TIME: Any time
PLACE: Any club
There are as many approaches to playing a set as there are DJs, and it can be a difficult tightrope to walk. I’ve never been a fan of the totally self-indulgent approach of just playing anything at anytime, regardless of the context. To me that misses the principal function of the DJ. At the same time, no one wants to feel like they’re robotically smashing out hit after hit for two hours. I think theres a balance, a push and pull that the best DJs are able to find that keeps the energy up but also clearly expresses their own point of view. The main consideration for me when I’m DJing is to create a cohesive narrative to a set, so I’ll often anchor a sequence of four or five tracks around one key song, which is in this case “Mutter” by Konstantin Sibold. The track has a big trance influence and is quite a statement, so I use the songs before it as an introduction to create the right context. I included this sequence in my Groove podcast, but I was playing with it at gigs before I recorded the mix. If I was DJing, it would probably come no earlier than halfway through my set, as I always like to warm myself up a bit and create a framework before really getting into it.
- Chymera, “Episode” (Cocoon 2016)
This is a great track from Chymera that develops and builds energy really nicely over its long duration. It’s also a nice balance between a modern, reduced techno sound and a more melodic, sequence-driven kraut/trance vibe, so it hints at where we’re headed.
I generally prefer smooth long blends when mixing—especially when it’s this trippy longform track. So for this one I’m just slowly re-balancing the tracks and swapping out the basses.
2. Plastikman, “Purrkusiv” (Plus 8 2015)
After the long, sustained arpeggios of the Chymera track, I want to give some contrast with something totally rhythmic. This is a newer Richie Hawtin production with a classic Plastikman vibe and a deceptively simple and skillful use of drum machines that builds into a real workout.
I let this roll on for a few minutes before fading up the next track. It’s totally percussive so it’s essentially atonal, and the riff from the Benjamin Milz track afterwards blends seamlessly into the rhythm. It’s just a case of carefully swapping out the frequencies to make the transition completely smooth.
3. Benjamin Milz, “DC2” (Live At Robert Johnson 2016)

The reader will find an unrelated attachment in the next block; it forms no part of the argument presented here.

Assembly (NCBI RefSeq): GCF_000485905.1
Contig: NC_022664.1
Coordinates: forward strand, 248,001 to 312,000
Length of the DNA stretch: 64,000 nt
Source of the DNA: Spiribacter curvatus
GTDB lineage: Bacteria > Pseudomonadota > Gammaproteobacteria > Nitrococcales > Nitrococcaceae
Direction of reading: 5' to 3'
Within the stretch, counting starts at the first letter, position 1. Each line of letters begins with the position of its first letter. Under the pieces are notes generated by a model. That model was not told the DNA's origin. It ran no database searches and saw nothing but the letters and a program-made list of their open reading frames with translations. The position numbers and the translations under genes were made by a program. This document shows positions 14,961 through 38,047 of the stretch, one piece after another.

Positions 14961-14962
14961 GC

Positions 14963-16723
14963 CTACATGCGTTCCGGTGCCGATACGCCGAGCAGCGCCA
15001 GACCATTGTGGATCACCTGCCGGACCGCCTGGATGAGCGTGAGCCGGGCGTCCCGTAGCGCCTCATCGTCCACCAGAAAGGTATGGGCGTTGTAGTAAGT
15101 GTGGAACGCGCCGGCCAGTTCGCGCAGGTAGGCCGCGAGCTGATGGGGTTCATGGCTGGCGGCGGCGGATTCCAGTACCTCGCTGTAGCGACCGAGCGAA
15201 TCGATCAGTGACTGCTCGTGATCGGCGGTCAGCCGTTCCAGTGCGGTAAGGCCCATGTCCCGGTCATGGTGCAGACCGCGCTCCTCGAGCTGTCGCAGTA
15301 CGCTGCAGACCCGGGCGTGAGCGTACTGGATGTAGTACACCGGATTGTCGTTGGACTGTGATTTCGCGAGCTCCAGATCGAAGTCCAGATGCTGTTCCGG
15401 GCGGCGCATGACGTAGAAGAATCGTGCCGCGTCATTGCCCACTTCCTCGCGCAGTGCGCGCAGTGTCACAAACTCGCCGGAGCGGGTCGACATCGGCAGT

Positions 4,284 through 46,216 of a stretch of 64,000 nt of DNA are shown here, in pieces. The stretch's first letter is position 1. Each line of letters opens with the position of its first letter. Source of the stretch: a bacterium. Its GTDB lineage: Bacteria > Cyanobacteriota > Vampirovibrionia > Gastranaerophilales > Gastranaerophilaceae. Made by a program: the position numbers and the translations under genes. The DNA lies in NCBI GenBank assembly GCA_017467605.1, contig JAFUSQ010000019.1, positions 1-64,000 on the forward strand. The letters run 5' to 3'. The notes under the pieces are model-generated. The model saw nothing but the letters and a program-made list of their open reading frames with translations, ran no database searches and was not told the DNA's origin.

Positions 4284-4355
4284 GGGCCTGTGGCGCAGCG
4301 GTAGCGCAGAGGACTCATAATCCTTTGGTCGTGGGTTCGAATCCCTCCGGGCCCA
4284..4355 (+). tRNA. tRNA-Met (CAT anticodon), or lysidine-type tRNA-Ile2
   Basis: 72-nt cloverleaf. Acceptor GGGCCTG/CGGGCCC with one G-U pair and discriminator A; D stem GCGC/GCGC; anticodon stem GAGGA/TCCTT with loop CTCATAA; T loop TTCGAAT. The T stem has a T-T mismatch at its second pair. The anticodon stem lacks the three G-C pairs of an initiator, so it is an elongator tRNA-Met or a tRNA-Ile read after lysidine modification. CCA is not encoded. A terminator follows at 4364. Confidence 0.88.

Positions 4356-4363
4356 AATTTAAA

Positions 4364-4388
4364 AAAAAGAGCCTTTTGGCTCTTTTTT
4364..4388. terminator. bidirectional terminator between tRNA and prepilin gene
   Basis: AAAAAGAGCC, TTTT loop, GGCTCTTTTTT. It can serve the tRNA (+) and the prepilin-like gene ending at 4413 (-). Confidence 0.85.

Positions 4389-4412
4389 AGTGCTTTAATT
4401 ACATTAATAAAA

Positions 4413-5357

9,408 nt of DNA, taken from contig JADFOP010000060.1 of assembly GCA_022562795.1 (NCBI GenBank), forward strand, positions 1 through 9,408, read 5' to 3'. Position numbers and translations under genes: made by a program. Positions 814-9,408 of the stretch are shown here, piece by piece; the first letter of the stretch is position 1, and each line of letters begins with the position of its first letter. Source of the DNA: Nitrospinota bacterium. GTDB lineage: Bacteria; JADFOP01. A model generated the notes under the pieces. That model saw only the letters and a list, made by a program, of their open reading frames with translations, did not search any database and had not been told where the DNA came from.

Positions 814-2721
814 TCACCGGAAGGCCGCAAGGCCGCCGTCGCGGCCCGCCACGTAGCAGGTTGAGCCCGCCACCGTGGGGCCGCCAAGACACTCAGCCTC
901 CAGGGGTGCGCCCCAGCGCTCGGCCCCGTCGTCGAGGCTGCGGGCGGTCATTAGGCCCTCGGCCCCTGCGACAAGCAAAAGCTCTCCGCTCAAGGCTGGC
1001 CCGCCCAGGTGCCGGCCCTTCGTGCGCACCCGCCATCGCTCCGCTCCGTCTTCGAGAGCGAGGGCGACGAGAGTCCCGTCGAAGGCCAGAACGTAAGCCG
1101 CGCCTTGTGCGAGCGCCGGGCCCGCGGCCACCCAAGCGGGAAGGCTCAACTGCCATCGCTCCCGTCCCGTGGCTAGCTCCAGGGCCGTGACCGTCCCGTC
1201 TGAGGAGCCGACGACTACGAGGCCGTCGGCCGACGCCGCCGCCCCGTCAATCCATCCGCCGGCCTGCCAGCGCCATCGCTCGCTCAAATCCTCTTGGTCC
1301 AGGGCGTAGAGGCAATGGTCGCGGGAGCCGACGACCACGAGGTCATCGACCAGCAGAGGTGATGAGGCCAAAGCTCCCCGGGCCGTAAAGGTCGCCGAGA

This is another new track that has a really cool and slightly ’90s acid techno vibe to it that pairs really well with the track it’s building into. It also introduces a little melody back into the mix from the previous track, but it’s still quite a rhythmic workout.
“Mutter” is all low end in the beginning, so I fade up the track with the bass fully in and pull out the bass from “DC2” at the same time. Then, as the tracks aren’t in complimentary keys, I need to be sure that I’ve pulled out almost all the melody line from “DC2” before the main sequence of “Mutter” comes in, otherwise it will sound jarring.
4. Konstantin Sibold, “Mutter” (Running Back 2016)
By now the stage is set for the main track and the peak of this trippy acid/techno/trance segment. It’s the kind of track that, if used at the right time and in the right context, can create a real moment. The last 15 minutes of the mix have been programmed to create the correct atmosphere and context for this track.
As that section of the mix peaks, I like to switch gears a few times in a set to keep it dynamic, so the next blend is a little quicker but still hopefully quite seamless and fluid.
5. Benedikt Frey, “Out Of Here (Roman Flügel’s Cosmic Disco Drama Rework)” (Hivern Discs 2016)
This track has a slightly different energy but still feels related to where we have been, which allows me to pivot in a different direction and maybe go on to something more Italo/electro/EBM- or acid-based.
Fort Romeau recently released a new EP, Reasons, and he will play at the Telekom Electronic Beats Clubnight at Institut für Zukunft in Leipzig on July 6, 2017. Find more information and buy tickets here. Read previous Played Out columns here.